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The Roman Calendar

Introduction to the Roman calendar

Roman calendarThe calendar used by the Romans went through many changes before the final Julian calendar was established by Julius Caesar in 46BC. But even his version of the calendar was copied from one that had been developed in 279BC. Despite so much upheaval, with subsequent emperors altering the calendar for their own ends, much of our calendar information, the names of the days, the number of days in a month, the months in a year,all emanate from Roman times.

The format may be familiar to the one we use today, with 365 days and 12 months to a year with an extra day every four years. But the way in which the Romans read their calendar, and how they counted days of the month, are vastly different to the current method.

As can be imagined, the Romans did not have 'hang on the wall' calendars. Their's were carved from marble or stone, or painted directly onto a wall. As the calendar would only be chaged once a year, wall painted calendars were a practical idea.

Layout of the Roman calendar

Roman calendar
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How to read the calendar

Calendar text

Despite the similarity between the modern calendar and the Roman calendar, the latter is harder to understand due to the manner in which the days are designated.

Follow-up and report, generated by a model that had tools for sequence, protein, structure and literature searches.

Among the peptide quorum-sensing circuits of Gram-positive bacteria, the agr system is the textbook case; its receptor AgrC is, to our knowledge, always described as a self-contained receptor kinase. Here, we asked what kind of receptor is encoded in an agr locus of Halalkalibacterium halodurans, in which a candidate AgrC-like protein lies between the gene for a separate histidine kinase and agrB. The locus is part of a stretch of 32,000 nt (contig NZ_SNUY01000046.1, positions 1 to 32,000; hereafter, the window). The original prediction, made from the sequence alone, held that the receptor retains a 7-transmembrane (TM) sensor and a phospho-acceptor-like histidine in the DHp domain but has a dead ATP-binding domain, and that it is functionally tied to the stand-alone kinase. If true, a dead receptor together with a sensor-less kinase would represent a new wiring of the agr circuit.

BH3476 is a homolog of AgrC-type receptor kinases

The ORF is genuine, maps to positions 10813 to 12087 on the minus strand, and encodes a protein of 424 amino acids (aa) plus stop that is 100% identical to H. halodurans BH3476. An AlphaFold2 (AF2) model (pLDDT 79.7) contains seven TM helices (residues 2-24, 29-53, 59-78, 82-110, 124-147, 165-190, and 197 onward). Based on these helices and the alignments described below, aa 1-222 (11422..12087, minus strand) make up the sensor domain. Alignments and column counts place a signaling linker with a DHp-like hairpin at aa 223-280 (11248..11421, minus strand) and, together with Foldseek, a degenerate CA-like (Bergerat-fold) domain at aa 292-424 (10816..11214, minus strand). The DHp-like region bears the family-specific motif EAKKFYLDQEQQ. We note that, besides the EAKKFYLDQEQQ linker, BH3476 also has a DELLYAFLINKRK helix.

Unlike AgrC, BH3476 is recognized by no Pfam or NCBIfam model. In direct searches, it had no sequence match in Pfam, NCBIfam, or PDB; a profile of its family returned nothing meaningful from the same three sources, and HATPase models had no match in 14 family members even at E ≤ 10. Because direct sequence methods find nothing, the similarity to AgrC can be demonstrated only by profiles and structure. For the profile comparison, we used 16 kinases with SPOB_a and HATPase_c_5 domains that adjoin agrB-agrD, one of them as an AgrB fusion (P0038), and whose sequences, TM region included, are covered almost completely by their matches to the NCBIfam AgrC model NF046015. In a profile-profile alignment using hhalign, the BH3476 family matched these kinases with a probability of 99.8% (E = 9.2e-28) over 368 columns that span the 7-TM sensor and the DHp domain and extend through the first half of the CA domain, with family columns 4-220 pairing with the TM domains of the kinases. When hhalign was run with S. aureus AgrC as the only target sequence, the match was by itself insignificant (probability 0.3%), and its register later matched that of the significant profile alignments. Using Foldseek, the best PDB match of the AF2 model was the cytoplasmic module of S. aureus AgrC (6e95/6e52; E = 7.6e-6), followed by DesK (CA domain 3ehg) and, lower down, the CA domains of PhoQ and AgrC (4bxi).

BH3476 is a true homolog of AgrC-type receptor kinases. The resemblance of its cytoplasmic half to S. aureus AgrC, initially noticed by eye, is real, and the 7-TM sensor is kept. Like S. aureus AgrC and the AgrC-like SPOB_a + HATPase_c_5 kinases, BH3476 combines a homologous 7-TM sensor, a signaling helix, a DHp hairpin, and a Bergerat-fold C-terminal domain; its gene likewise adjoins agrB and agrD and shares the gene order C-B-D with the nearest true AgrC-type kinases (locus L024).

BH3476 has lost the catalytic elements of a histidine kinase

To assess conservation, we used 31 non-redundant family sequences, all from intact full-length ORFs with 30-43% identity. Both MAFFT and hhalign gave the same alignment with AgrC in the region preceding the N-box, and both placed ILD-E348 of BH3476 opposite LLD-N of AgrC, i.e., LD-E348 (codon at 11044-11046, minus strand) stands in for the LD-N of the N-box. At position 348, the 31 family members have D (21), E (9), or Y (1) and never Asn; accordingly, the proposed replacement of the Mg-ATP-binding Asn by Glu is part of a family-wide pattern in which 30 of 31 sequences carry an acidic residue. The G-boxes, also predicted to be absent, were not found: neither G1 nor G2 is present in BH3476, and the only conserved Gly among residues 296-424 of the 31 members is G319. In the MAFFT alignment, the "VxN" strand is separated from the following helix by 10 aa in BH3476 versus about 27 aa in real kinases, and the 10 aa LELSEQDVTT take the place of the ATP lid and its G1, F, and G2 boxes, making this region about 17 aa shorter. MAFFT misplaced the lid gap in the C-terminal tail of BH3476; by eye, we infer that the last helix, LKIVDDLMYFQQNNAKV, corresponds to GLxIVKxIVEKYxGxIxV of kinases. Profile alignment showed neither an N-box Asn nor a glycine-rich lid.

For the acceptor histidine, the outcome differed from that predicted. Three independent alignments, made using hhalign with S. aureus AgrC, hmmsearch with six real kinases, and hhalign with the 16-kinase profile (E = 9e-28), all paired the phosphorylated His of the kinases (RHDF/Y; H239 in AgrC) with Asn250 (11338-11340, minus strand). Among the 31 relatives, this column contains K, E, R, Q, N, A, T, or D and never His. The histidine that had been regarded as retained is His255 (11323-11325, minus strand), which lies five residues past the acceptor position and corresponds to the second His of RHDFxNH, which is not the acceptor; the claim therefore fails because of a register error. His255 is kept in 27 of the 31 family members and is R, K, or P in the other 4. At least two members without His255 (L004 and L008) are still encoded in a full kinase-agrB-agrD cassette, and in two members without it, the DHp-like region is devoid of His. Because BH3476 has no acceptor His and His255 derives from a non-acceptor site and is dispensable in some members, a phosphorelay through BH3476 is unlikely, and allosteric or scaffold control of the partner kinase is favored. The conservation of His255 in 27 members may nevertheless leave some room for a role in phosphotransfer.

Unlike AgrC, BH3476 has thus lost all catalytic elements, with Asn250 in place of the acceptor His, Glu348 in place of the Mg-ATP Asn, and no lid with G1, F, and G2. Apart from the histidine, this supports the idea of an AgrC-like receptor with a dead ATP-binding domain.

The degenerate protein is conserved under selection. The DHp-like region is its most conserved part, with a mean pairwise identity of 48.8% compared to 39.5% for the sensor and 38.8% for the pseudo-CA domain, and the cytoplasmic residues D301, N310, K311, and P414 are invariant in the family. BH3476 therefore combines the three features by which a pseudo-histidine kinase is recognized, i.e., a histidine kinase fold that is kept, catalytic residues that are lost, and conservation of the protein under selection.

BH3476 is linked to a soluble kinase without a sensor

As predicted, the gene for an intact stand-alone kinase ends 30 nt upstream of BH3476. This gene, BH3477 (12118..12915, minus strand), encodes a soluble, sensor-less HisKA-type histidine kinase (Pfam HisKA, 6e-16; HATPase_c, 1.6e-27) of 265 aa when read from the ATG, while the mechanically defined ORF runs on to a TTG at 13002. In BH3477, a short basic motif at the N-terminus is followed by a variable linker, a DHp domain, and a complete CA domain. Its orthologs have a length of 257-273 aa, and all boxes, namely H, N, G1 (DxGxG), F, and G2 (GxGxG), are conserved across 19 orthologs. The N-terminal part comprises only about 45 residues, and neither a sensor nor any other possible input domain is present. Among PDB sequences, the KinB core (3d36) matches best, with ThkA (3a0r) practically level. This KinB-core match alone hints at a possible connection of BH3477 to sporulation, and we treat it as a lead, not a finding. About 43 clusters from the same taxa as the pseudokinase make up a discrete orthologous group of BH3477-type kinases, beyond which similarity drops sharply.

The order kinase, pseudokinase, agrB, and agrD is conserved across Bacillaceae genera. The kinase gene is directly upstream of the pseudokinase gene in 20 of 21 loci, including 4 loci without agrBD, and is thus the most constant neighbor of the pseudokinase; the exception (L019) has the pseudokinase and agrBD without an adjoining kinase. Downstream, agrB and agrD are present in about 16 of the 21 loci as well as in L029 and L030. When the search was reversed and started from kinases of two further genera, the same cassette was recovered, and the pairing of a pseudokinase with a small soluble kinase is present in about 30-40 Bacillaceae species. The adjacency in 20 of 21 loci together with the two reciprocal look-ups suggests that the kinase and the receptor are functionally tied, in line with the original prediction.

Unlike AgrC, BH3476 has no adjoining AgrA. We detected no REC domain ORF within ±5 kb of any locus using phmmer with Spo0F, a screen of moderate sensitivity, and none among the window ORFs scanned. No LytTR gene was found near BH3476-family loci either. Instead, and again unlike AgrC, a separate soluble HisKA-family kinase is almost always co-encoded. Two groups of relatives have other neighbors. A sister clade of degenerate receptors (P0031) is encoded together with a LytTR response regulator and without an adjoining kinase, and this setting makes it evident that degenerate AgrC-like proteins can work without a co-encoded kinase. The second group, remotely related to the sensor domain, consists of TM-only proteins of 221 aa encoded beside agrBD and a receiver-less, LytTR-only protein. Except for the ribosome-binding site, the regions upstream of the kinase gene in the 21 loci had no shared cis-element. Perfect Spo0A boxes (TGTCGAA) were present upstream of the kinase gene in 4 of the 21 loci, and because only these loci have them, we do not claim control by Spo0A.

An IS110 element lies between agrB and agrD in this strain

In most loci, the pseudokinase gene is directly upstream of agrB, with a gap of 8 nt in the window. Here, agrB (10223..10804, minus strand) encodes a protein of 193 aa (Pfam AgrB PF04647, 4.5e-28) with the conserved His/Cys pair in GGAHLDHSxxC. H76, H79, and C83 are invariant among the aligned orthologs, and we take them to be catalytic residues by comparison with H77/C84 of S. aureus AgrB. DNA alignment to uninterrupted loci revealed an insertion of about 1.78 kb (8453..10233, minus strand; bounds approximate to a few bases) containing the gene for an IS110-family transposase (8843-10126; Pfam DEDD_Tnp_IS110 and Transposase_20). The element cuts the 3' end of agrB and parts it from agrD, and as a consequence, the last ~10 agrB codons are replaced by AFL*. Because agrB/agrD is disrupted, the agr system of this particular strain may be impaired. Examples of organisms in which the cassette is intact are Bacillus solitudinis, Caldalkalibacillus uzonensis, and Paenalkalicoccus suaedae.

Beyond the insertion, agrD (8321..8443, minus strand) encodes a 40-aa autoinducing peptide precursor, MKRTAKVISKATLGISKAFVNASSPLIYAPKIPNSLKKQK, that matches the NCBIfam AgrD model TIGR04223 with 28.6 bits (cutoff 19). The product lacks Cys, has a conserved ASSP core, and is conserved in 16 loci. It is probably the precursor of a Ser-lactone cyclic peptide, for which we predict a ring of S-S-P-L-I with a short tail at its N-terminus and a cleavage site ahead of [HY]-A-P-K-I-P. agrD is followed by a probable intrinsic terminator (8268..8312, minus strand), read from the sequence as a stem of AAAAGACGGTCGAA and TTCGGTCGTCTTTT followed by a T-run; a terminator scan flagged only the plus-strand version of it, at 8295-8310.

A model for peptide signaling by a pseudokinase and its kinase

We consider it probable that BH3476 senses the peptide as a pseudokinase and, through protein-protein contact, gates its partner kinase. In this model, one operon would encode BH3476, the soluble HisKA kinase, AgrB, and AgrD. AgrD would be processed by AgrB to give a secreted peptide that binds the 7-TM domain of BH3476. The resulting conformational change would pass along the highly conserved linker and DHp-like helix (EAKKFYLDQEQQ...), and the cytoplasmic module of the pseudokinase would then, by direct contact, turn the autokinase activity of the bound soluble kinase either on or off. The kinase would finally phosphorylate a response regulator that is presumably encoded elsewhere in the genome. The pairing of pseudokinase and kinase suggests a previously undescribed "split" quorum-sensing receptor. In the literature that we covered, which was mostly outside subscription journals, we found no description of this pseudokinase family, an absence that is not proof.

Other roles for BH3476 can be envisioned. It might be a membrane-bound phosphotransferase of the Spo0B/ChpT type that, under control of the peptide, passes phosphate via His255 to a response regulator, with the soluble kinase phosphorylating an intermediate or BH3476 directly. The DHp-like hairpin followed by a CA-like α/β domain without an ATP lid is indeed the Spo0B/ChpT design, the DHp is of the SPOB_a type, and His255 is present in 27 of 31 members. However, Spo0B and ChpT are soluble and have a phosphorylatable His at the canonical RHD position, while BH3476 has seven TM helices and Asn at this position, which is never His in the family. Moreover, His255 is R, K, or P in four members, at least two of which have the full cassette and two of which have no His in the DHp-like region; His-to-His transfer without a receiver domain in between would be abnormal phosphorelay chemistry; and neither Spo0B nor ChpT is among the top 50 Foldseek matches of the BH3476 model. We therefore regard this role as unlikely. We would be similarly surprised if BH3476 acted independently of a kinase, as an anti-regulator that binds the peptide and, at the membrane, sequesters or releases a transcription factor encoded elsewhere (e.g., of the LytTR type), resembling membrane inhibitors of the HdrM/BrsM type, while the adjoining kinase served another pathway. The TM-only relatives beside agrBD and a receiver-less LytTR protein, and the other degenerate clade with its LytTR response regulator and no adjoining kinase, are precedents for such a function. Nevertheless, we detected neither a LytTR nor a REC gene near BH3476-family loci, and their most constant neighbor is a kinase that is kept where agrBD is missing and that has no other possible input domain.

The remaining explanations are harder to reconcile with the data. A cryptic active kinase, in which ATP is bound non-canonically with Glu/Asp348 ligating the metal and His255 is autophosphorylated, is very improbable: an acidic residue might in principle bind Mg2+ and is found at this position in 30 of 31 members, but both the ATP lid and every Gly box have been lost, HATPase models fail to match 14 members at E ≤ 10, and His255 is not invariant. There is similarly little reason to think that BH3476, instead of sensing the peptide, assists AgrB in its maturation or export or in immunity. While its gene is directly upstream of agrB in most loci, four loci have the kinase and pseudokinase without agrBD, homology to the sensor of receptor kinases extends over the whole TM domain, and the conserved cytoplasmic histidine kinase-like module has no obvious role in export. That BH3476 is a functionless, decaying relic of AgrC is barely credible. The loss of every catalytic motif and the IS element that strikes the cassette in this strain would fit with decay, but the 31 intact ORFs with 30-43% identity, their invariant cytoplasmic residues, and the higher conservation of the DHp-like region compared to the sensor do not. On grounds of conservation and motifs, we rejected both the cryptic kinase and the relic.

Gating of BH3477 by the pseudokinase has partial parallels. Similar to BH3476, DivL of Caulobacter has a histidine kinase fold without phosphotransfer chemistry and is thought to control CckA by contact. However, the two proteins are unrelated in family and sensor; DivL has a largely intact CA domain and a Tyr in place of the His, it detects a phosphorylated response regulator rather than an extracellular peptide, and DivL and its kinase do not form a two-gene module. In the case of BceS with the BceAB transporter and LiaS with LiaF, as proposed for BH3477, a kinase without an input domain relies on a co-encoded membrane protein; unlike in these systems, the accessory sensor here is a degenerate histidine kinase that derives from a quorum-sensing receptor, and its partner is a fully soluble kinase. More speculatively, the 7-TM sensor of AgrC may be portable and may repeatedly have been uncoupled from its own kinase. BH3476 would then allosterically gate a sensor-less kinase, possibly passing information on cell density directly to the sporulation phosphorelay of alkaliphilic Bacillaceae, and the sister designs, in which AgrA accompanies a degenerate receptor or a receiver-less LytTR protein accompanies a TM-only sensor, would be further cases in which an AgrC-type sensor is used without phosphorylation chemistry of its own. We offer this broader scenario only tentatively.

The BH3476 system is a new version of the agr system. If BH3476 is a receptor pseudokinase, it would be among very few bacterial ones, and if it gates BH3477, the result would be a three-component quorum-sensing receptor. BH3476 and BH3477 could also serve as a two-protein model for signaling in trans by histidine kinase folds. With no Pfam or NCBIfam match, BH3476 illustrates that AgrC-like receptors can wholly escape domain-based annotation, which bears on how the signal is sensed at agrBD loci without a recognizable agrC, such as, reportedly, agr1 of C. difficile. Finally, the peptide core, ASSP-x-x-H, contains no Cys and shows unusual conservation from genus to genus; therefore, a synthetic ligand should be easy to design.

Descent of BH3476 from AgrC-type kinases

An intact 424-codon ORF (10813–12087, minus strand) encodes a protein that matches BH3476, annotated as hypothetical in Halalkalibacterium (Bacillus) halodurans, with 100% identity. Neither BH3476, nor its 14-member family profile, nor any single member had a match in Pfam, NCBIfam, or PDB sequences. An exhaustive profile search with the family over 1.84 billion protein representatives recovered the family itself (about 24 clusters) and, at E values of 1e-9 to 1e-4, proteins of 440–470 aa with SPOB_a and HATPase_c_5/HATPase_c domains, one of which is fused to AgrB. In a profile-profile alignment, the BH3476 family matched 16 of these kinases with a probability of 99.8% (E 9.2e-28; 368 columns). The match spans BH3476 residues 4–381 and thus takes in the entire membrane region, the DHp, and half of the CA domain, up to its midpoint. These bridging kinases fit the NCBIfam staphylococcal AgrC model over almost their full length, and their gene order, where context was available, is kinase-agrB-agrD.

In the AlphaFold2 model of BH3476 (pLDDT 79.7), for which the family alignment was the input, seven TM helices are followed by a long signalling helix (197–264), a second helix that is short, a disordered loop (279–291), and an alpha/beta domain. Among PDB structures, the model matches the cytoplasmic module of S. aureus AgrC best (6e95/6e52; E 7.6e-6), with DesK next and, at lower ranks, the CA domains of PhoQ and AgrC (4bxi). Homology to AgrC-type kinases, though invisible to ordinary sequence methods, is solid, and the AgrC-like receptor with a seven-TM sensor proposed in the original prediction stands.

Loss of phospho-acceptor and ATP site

Whereas we number our months from from 1 to 28, 29 30 or 31, the Romans gave days letters and counted the days in an upward fashion to the middle of the month, then down towards the end.

Calendar detailThe days of each month were identified by certain letters and names that designated the purpose of the day, or it's position in the month.

Kalend Kalends The first day fo the month
A Nundinae Counters of days of the week. 'A' meant that was a market day.
Nones Nones Usually the 5th - 7th.
Ides Ides The middle of the month, Usually the 13th - 15th day.
F Dies fasti Any legal procedings or voting took place on this day.
N Dies nefasti No legal proceedings or voting allowed on these days.
FERA Feriae Designating a festival day.
EN - Endotercisus - also Intercisus Days when the mornings aan afterniins had different designations.

FP & NP - Designated religious festivals of which no record survives

The remaing letters signify holidays or events schedlued

*Note: For more info on the Roman calendar, visit this page our friends at Romae Vitam's page: Ancient Roman Calendar

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